Abstract 62: Novel role of Aminopeptidase A enzyme in Ang-(1-7) metabolism Post Myocardial Infarction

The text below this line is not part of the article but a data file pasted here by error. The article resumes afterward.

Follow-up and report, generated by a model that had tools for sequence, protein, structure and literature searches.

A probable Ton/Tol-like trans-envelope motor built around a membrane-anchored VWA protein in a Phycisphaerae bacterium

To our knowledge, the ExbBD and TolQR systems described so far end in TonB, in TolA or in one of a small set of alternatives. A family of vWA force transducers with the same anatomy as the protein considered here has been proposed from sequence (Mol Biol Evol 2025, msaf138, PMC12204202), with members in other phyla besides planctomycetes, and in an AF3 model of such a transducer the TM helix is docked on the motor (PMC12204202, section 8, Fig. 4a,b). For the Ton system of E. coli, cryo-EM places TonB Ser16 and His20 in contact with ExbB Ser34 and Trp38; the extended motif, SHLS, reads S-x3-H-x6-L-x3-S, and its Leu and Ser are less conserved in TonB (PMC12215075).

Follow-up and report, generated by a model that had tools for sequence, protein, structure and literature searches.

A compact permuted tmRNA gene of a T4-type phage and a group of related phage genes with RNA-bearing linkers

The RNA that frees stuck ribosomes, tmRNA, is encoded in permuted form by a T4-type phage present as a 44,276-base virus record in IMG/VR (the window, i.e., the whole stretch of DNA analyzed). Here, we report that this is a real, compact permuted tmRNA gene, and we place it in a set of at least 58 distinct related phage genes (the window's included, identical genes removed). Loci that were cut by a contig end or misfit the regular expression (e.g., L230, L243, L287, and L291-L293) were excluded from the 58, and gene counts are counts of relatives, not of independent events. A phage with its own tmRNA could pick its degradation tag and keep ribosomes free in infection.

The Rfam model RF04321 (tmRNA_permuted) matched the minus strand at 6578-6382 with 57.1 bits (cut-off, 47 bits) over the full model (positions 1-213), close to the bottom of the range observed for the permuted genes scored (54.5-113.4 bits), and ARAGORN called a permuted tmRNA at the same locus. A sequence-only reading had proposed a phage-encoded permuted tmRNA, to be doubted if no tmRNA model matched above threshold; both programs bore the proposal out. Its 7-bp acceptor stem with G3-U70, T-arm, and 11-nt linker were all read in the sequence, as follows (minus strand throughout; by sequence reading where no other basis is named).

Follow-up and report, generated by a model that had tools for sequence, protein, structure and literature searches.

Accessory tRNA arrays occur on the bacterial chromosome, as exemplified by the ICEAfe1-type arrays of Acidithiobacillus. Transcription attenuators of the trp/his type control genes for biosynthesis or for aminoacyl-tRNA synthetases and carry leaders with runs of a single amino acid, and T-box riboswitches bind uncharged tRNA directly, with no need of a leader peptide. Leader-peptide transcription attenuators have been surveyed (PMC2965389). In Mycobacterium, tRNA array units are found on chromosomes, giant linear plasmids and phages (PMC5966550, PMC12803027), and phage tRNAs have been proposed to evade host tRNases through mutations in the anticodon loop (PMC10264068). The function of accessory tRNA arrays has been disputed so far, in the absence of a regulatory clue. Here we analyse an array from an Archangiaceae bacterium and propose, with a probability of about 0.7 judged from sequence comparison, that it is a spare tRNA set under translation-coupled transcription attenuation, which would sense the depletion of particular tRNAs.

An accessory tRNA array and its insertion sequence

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Aminopeptidase A (APA) is a metalloprotease that is activated in cardiovascular diseases. Ang-(1-7) has been shown to have beneficial effects in myocardial injury. The aims of this study are to (1) Test the role of APA in cardiac pathology using the myocardial infarction (MI) model, (2) Investigate the role of APA in Ang-(1-7) metabolism (3) Explore the effect of APA inhibition on Ang-(1-7) homeostasis. APA activity was measured using mass spectrometry (MS) based in vitro and in situ enzyme assays. For the in vitro assay, heart homogenates were incubated with 50 μM Ang II in assay buffer and for absolute quantitation stable-isotope labeled internal standards were added. In the in situ MS imaging, frozen myocardial sections were incubated with 100 μM Ang II for 10 min and the resultant peptides were assessed on the tissue sections. For kinetic studies and Km determination, recombinant APA was incubated with Ang II and Ang-(1-7) in concentrations ranging from 1-100 μM. Results from the in vitro MS enzyme assays showed that myocardial APA activity was significantly increased after 24 hrs MI compared to sham (Ang III=0.82±0.02 vs. 0.32± 0.02 ρmol/min/μg in MI vs sham, respectively, p<0.01). The in situ MS imaging results confirmed that Ang III intensity was higher in MI heart sections compared to sham (96325±214 for MI and 1041±75 AU for Sham, p<0.05). Both MS enzyme assays identified a new peptide Ang-(2-7), m/z 784, which accumulated in the MI compared to Sham (136.96± 6.5 vs 78.94±3 AU in MI and Sham, respectively, p<0.05). Inhibition of APA with 4-Amino-phosphono-butyric acid significantly decreased formation of Ang-(2-7) from Ang-(1-7) and Ang III from Ang II by 98± 0.7% and 82±2.6% (p<0.05), respectively, indicating that APA is the responsible enzyme for the myocardial formation of both peptides. Interestingly, APA exhibited a higher substrate affinity for Ang-(1-7) compared to Ang II (Km for Ang II=14.32±1.6 vs Km for Ang-(1-7) =6.34± 1.12 μM, p<0.05). In conclusion, we have shown for the first time that APA is responsible for Ang-(1-7) degradation to Ang-(2-7). An upregulation of this pathway in myocardial injury may deprive the heart of cardioprotective Ang-(1-7). Thus, APA can be a potentially novel therapeutic target for management of myocardial remodeling after MI.

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